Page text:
[Chimera-users] surface hydrophobicity display

Elaine Meng meng at cgl.ucsf.edu
Thu Feb 3 11:02:55 PST 2011

Hello Sumitro et al.,
Dr. Efremov, whose group produces the PLATINUM server, pointed out that you can get a dot surface of the protein by uploading it as the "ligand" and not uploading any "receptor."  

PLATINUM server:  <http://model.nmr.ru/platinum/>

When I tried this with my example protein, it worked fine if I set the surface dot density to "low" or "very low" *before* launching the calculation.  Using the default "medium" gave an incomplete surface even though the file was extremely large -- probably some memory limit was reached.  (To prepare the example input with Chimera, I opened 2gbp, deleted ligand and waters, added hydrogens, saved PDB file).  The server said 2 ligand files were uploaded, but I just ignored that.

After the PLATINUM calculation is done, click the floppy disk icon for the "ligand" that is really your protein, save as "molecular surface" of type "PDB surface."  It may several seconds to respond or write the file because even at low density, there are lots of dots.

That gives a file in PDB format of dots as "atoms" with hydrophobicity potential in the bfactor column, for coloring with Render by Attribute in Chimera, or with the command "rangecolor".

For display in Chimera it would still be better to get the whole 3D grid of potential values -- grid data could be used to color a solid surface instead of just dots, or to show isopotential contours.  Dr. Efremov kindly said that they will take a look at maybe adding another grid format.   For now, it is possible to show the protein hydrophobicity potential by coloring its own dot surface as described above.


On Feb 1, 2011, at 11:06 AM, Elaine Meng wrote:

> I already did that.  It is a dot surface of the ligand only where each dot is a PDB "atom".  So you can see dots of the ligand surface colored by the potential from the receptor, but not the surface of the receptor which is what we were more interested in (at least, that's what I was interested in).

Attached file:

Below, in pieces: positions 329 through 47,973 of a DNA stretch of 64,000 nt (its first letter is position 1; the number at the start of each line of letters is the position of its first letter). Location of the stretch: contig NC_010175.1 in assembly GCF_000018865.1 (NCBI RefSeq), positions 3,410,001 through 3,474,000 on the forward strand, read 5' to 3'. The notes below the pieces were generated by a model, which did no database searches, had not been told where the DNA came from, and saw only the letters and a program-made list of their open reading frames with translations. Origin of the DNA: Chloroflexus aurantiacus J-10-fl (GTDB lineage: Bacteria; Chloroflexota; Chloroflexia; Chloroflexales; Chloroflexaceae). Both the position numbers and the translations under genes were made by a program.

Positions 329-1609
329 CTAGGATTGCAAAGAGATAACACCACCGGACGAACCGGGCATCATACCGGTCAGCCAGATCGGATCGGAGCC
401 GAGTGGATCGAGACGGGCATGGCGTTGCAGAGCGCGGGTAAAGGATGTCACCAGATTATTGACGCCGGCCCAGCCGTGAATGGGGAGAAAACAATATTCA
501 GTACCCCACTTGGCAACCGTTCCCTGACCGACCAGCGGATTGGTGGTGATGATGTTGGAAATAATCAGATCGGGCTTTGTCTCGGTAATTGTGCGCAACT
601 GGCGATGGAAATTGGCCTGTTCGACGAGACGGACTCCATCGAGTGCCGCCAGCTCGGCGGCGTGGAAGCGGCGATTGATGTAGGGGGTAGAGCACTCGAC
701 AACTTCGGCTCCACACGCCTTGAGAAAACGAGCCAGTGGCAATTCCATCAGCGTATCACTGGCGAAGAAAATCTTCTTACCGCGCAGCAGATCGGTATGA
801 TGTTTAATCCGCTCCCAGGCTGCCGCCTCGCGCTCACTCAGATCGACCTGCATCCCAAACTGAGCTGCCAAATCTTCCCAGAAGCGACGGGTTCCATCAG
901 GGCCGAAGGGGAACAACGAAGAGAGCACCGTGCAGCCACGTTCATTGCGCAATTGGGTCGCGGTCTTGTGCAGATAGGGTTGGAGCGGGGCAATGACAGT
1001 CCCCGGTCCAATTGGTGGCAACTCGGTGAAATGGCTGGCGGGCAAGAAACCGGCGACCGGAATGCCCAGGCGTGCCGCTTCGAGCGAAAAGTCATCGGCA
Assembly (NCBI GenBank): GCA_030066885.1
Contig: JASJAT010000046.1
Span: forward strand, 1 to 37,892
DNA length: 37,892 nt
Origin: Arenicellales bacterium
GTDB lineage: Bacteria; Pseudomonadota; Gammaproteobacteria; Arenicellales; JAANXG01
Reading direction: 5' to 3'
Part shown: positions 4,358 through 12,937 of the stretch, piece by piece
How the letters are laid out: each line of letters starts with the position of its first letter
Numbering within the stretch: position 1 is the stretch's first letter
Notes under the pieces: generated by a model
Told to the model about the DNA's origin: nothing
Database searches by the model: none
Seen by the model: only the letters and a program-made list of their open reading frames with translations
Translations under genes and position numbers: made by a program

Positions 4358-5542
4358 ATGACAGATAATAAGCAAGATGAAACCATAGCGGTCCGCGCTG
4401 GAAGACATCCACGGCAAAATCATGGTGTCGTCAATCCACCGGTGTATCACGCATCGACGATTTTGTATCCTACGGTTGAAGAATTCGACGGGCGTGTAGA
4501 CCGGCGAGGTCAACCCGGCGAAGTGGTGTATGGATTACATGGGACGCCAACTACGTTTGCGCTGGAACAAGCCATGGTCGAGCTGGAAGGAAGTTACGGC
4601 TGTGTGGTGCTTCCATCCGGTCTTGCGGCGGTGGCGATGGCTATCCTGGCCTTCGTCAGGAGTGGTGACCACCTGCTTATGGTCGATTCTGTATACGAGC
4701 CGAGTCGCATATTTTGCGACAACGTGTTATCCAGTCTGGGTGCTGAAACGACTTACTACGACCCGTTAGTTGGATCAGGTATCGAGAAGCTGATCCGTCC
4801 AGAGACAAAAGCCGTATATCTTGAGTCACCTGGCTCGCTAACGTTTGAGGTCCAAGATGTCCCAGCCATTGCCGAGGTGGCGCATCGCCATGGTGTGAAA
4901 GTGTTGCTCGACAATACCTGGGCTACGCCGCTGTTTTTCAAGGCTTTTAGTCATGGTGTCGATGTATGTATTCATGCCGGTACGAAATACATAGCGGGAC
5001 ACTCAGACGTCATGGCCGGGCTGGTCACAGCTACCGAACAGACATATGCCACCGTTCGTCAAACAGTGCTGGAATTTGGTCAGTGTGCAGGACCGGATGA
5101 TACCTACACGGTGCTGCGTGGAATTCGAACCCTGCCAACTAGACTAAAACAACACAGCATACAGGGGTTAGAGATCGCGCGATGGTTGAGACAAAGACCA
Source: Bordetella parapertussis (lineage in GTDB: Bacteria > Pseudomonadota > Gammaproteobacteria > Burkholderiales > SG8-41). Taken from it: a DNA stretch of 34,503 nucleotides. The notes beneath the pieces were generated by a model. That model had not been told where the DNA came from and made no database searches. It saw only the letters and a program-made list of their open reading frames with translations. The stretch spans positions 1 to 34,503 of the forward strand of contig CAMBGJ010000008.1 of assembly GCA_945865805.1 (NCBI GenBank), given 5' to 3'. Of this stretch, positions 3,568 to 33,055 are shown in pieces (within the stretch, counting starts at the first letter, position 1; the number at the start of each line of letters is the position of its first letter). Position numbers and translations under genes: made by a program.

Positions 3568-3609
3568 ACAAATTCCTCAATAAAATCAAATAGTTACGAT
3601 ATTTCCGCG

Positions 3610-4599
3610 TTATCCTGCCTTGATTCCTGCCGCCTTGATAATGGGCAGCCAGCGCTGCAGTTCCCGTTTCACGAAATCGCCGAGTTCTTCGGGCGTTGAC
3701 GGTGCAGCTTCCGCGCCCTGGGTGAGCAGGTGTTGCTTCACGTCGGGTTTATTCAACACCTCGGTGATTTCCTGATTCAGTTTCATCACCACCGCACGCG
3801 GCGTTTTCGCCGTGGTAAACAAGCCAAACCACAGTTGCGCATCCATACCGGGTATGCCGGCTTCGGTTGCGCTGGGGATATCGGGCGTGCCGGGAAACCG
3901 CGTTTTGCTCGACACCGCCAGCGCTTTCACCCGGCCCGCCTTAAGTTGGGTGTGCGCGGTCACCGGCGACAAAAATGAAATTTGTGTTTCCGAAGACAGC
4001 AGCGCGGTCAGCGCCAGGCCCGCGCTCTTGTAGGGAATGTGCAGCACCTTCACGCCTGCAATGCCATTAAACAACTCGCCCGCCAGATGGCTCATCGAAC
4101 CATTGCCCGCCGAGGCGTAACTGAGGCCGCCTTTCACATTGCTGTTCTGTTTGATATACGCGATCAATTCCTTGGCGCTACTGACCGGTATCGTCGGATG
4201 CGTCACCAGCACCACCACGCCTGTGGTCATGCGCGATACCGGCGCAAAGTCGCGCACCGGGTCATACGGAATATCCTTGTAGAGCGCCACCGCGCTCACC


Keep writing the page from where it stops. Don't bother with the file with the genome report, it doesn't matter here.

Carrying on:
> Elaine
> On Feb 1, 2011, at 10:59 AM, Eric Pettersen wrote:
>> According to the PLATINUM paper:
>> Also, additional output is provided for more detailed analysis of selected ligands/ligand poses which will be discussed below. To perform subsequent analysis, the MHP data for each ligand can be downloaded in one of the following formats.
>> 	• Simple text file where atoms are annotated according to the MHP atom type parameterization.
>> 	• The pdb file where either atomic hydrophobicity constants or surface MHP values are written to the B-factor column.
>> 	• Ligand molecular surface represented as a set of dots in pdb or InsightII (Molecular Simulations Inc., 2000) formats.
>> 	• Grid hydrophobic/hydrophilic potential in InsightII or MolMol (Koradi et al., 1996) formats.
>> It would seem that from the second part of #2 that you could get the surface MHP values into the B-factor column (and then use Render By Attribute...) 
>> --Eric
>>> PLATINUM: a web tool for analysis of hydrophobic/hydrophilic organization of biomolecular complexes.
>>> Pyrkov TV, Chugunov AO, Krylov NA, Nolde DE, Efremov RG.
>>> Bioinformatics. 2009 May 1;25(9):1201-2.
>>> <http://www.ncbi.nlm.nih.gov/pubmed/19244385>
>>> Today the PLATINUM web server exists!   I can't quite get what I want for viewing in Chimera, however:
>>> Their user manual explains how to download data for display in other programs, including PDBs with the atomic hydrophobicity constants in the B-factor column.  I can open those in Chimera and use Render by Attribute to show the values.  The constants are only the starting data, however, not the potential...
>>> Unfortunately I can't get a potential map of the receptor that can be used in Chimera.  Platinum is quite ligand- or docked-molecule-centric.  You can get molecular surface dots in PDB format with the potential as the "bfactor" but it is only for the surface of the ligand, not the receptor.  The potential can also be output as a 3D grid, but in some formats Chimera does not read (InsightII or MolMol), and I suspect the grid might be only in the location of the ligand, not enclosing the whole protein receptor. 
>>> Elaine

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